The Malta Financial Services Authority is now evaluating petitions to change how Non-Fungible Tokens (NFTs) are “regulated” under the Virtual Financial Assets Framework (MFSA).
The Virtual Financial Assets Act now incorporates NFTs along with other virtual tokens, virtual financial assets, electronic money, and other financial instruments that depend on Distributed Ledger Technology (DLT).
Since NFTs are unique and cannot be exchanged for other assets, the MFSA wants to exclude them from the framework for Virtual Financial Assets. This is because non-fungible tokens cannot be used to buy goods or as an investment.
The MFSA has said that the inclusion of these assets inside the VFA framework “may go against the spirit of the Act,” which was meant to control investment-type activities linked with VFAs that did not fit within the usual asset categories for financial services.
Before making these changes public, the regulatory body is now requesting feedback from those affected.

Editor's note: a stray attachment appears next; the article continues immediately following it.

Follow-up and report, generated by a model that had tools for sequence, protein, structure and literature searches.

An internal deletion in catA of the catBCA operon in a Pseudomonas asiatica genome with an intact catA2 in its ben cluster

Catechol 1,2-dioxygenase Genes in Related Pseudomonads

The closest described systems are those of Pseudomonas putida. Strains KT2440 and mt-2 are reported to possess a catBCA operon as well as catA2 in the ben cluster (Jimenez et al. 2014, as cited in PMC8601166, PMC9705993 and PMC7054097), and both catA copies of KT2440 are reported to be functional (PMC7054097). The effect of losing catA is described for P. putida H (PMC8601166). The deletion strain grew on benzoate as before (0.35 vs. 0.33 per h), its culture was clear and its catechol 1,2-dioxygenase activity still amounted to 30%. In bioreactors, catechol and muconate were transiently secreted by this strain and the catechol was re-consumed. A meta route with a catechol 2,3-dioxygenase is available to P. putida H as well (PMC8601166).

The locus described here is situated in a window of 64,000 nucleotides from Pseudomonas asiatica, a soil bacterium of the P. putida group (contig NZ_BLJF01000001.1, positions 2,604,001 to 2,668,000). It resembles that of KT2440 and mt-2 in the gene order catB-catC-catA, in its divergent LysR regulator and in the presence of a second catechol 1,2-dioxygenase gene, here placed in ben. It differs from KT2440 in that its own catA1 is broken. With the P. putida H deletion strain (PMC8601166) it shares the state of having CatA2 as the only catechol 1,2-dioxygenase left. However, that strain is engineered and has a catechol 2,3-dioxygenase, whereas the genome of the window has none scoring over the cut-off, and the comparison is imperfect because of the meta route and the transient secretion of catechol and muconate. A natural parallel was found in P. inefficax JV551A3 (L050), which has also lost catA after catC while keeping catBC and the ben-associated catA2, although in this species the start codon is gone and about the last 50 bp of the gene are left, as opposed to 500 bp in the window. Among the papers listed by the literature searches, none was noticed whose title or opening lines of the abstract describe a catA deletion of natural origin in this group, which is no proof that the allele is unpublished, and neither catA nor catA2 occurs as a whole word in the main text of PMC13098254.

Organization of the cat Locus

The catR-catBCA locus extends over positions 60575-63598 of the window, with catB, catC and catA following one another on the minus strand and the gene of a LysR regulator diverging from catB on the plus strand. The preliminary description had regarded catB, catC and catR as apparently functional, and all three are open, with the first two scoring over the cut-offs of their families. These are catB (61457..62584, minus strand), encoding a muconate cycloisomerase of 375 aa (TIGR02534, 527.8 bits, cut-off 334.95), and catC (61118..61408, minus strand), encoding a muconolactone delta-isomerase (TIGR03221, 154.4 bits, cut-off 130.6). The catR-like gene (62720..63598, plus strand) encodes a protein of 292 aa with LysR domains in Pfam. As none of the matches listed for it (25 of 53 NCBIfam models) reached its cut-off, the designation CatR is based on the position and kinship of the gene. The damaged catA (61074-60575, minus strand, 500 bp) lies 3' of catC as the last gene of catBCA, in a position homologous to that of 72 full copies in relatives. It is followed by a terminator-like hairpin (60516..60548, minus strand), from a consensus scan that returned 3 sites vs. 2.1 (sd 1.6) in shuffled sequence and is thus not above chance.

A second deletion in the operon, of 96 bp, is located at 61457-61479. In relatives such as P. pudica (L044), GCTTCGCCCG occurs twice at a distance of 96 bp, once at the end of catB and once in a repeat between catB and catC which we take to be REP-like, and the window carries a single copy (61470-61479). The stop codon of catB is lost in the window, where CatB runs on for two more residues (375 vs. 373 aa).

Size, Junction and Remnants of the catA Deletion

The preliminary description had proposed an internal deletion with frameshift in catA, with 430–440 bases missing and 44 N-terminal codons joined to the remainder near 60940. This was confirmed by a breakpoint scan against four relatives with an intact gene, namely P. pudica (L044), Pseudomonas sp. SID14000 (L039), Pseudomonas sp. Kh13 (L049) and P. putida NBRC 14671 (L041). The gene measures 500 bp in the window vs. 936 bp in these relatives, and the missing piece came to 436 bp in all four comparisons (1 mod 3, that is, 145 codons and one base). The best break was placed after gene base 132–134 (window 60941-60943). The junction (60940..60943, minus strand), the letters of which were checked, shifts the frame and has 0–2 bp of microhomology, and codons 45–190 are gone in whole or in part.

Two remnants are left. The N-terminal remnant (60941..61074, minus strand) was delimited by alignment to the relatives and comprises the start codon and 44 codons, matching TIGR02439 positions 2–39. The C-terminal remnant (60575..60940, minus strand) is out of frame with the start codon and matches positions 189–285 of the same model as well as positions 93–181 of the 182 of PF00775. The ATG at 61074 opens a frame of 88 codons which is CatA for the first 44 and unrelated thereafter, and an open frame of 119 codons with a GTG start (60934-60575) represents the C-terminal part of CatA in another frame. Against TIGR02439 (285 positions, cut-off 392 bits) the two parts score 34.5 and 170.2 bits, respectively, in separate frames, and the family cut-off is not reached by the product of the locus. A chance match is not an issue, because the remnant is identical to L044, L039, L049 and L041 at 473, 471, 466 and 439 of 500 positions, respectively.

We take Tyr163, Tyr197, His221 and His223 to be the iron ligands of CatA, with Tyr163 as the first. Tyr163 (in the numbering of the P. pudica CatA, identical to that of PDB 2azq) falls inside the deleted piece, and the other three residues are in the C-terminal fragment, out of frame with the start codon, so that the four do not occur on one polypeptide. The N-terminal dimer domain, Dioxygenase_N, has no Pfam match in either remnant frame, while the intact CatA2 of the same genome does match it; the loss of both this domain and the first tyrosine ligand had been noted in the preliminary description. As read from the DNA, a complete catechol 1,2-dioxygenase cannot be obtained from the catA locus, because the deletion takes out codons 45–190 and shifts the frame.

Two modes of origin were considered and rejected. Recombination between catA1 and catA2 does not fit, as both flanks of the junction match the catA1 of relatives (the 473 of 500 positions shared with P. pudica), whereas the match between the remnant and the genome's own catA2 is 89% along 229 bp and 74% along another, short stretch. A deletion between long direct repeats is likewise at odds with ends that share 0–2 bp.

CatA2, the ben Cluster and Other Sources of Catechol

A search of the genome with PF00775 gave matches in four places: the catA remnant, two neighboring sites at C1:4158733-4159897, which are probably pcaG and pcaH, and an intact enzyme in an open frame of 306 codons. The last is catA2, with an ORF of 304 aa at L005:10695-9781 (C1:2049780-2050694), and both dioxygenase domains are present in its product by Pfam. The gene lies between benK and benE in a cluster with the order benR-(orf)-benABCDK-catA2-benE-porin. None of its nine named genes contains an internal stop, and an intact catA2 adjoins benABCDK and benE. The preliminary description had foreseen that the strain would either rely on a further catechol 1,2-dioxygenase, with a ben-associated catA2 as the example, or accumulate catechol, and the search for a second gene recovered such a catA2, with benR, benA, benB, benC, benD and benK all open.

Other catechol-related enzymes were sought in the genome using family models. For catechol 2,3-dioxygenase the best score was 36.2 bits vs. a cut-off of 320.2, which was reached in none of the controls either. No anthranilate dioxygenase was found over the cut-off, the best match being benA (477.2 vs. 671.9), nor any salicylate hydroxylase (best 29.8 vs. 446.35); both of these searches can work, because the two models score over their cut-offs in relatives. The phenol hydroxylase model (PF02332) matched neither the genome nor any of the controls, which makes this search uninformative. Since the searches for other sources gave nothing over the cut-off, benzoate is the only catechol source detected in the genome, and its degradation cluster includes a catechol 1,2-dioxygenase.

Cointelegraph reported in November that Malta was the first southern European nation to regulate cryptocurrencies.
In 2018, the Maltese legislature passed three laws related to blockchain technology and virtual currencies. Under the Innovative Technological Arrangements and Services Act, the Malta Digital Innovation Authority is responsible for registering suppliers of technological services. The Virtual Financial Assets Act governs initial coin offerings, digital assets, digital currencies, and ancillary services.
The nation’s current financial regulatory framework recognizes four types of digital assets: electronic money, financial instruments, virtual (utility) tokens, and virtual financial assets. Each classification is governed by a unique set of rules (VFAs).